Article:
FTB 07-30-2016: High Pressure Shifting East

Issue Date: 7/30/2016
Issue Time: 9:20 AM


Current water vapor analysis (below) shows the upper-level high centered just off the southwest coast of California, an upper-level trough (red line) digging along the west coast of Canada, and the mean flow pattern of the jet stream (black line and arrows). The upper-high will shift to the east today as the upper trough digs, nudging better moisture into western Colorado. This will lead to an uptick in thunderstorms over the High Country and Western Slope, especially across the higher terrain of the Southwest Slope, San Juan Mountains, and Southeast Mountains. Further to the north and east, the atmosphere will be a bit drier, and only isolated thunderstorms are expected.


With the jet stream positioned well to the north and east of Colorado, small disturbances in the flow will not have the same magnitude of effect on eastern Colorado storms. Instead, this period’s thunderstorms will mostly originate over the mountains and move generally eastward over the lower elevations. The exception to this will be over the far Northeast Plains, Palmer Ridge, and Southeast Plains, where there will be just enough forcing to kick off isolated-to-scattered strong/severe thunderstorms. Decent low-level moisture will provide the opportunity for bouts with heavy rain, but downslope winds from the west will work to dry the lower-levels. This drying will enhance thunderstorm wind gust potential, so be on the lookout for that, as well as large hail (up to 1.5 inches in diameter). For details regarding timing and rain rates, please see the zone-specific forecast discussions below.

Today’s Flood Threat Map

For more information on today’s flood threat, see the map below (hover over threat areas for more details). For Zone-Specific forecasts, jump below the map.

Flood Threat Legend

Zone-Specific Forecasts

Urban Corridor, Palmer Ridge, Raton Ridge, Northeast Plains, and Southeast Plains:

Isolated-to-scattered showers/thunderstorms expected, with the best coverage near the mountains and across the far Northeast Plains. Most storms will be garden variety, producing moderate rainfall, gusty winds, and lightning. A few strong/severe storms over the plains will result in heavy rain, strong winds, and large hail. The areas outlined by the low flood threat are where heavy rain concerns are greatest, relatively speaking. Maximum rain rates are as follows:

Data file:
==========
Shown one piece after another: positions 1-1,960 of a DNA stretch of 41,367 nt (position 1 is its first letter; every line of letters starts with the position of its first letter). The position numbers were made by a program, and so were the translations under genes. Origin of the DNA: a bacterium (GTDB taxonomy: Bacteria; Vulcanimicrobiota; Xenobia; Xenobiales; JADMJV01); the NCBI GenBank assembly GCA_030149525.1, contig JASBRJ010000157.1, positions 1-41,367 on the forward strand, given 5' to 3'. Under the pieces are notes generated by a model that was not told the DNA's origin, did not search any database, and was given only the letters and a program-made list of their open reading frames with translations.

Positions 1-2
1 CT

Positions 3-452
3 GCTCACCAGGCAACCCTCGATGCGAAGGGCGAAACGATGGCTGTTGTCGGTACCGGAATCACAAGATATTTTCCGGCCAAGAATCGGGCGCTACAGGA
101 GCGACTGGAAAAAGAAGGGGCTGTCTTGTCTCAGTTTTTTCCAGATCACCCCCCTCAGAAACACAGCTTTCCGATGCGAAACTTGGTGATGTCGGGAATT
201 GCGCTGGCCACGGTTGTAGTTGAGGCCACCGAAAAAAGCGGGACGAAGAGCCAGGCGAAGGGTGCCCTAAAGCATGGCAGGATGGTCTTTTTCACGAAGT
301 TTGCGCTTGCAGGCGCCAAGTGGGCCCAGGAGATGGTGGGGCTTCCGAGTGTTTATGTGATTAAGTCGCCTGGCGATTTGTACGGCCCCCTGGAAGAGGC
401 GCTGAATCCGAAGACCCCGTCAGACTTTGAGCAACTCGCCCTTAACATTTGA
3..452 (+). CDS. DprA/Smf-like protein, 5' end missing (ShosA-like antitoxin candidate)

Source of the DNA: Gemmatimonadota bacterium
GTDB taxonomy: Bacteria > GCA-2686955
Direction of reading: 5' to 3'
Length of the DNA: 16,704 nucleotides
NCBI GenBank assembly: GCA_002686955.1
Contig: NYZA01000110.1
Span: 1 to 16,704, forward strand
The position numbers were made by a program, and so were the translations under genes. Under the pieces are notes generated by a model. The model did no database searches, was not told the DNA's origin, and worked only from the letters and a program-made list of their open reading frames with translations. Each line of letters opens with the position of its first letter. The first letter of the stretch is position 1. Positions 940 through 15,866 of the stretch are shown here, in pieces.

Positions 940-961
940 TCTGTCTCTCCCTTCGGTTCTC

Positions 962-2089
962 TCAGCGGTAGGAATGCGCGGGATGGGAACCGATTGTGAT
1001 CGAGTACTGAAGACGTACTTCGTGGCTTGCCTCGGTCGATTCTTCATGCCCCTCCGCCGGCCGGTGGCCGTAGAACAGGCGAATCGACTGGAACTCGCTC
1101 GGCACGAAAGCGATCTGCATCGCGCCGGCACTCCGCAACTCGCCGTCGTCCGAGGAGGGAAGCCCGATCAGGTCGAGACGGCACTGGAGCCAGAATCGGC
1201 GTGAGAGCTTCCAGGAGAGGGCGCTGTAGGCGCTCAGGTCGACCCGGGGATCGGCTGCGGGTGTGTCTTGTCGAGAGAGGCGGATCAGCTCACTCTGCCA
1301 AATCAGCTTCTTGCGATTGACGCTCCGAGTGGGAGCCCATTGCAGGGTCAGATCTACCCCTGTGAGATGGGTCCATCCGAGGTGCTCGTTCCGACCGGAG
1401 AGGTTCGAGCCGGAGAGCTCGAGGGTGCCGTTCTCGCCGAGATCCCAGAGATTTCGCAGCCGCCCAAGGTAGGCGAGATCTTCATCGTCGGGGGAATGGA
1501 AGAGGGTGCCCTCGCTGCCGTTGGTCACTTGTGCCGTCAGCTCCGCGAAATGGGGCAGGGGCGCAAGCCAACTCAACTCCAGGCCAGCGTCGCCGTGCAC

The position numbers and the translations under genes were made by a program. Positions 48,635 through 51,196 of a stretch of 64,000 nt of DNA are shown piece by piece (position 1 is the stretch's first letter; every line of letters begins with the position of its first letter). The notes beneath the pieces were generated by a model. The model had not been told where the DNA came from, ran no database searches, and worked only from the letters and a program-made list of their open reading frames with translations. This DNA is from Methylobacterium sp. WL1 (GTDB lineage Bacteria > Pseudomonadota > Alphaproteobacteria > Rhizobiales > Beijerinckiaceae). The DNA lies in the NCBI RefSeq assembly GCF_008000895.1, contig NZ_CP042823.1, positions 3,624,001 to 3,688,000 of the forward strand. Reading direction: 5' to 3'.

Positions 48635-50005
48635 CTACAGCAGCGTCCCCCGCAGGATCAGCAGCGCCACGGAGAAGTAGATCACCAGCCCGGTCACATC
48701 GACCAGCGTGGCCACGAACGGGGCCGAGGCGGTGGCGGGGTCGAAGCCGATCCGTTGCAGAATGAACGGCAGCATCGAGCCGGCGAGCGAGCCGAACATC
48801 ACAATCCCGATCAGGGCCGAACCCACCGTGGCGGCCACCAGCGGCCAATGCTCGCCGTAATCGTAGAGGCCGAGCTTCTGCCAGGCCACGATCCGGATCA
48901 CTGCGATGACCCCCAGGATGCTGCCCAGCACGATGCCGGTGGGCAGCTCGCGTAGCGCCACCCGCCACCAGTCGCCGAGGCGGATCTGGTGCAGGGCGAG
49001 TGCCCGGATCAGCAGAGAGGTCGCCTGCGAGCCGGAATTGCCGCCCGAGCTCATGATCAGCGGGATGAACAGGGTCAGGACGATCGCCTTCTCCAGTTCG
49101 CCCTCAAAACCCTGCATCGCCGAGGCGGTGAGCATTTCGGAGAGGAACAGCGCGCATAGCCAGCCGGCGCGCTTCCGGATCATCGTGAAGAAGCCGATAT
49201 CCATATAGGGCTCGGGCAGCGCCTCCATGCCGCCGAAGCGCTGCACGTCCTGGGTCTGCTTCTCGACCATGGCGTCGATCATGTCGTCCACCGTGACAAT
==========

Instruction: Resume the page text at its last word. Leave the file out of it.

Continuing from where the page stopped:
Urban Corridor and Raton Ridge: 0.4-0.8 inches/hour
Palmer Ridge: 1.0-1.5 inches/hour
Northeast Plains and Southeast Plains: 1.5-2.0 inches/hour

Timing: 1 PM – 11 PM for the Urban Corridor and Raton Ridge, 2 PM – Midnight for the Palmer Ridge and Southeast Plains, and 3 PM – 2 AM for the Northeast Plains

Front Range, Southeast Mountains, Northern Mountains, San Juan Mountains, Central Mountains, Southwest Slope, Northwest Slope, Grand Valley, and San Luis Valley:

Isolated-to-widely scattered thunderstorms are expected over the higher terrain today, with the best coverage expected over the Southwest Slope, San Juan Mountains, and Southeast Mountains. Moisture is mainly confined between 4 km and 6 km aloft, so not much rain is expected from any activity.

Generally speaking, the main impacts will be gusty winds and lightning. Brief bouts with moderate rainfall cannot be ruled out near the CO/NM border, or across the Front Range/Southeast Mountains, where moisture is best. Maximum rain rates will be 0.4-0.8 inches/hour across the Front Range, Southeast Mountains, San Juan Mountains, and Southwest Slope regions, and 0.2-0.4 inches/hour elsewhere.

Timing: 1 PM – 9 PM for most areas, with a few showers/storms lingering across the higher terrain of the San Juan Mountains, Southwest Slope, Grand Valley, and Central Mountains until the early morning.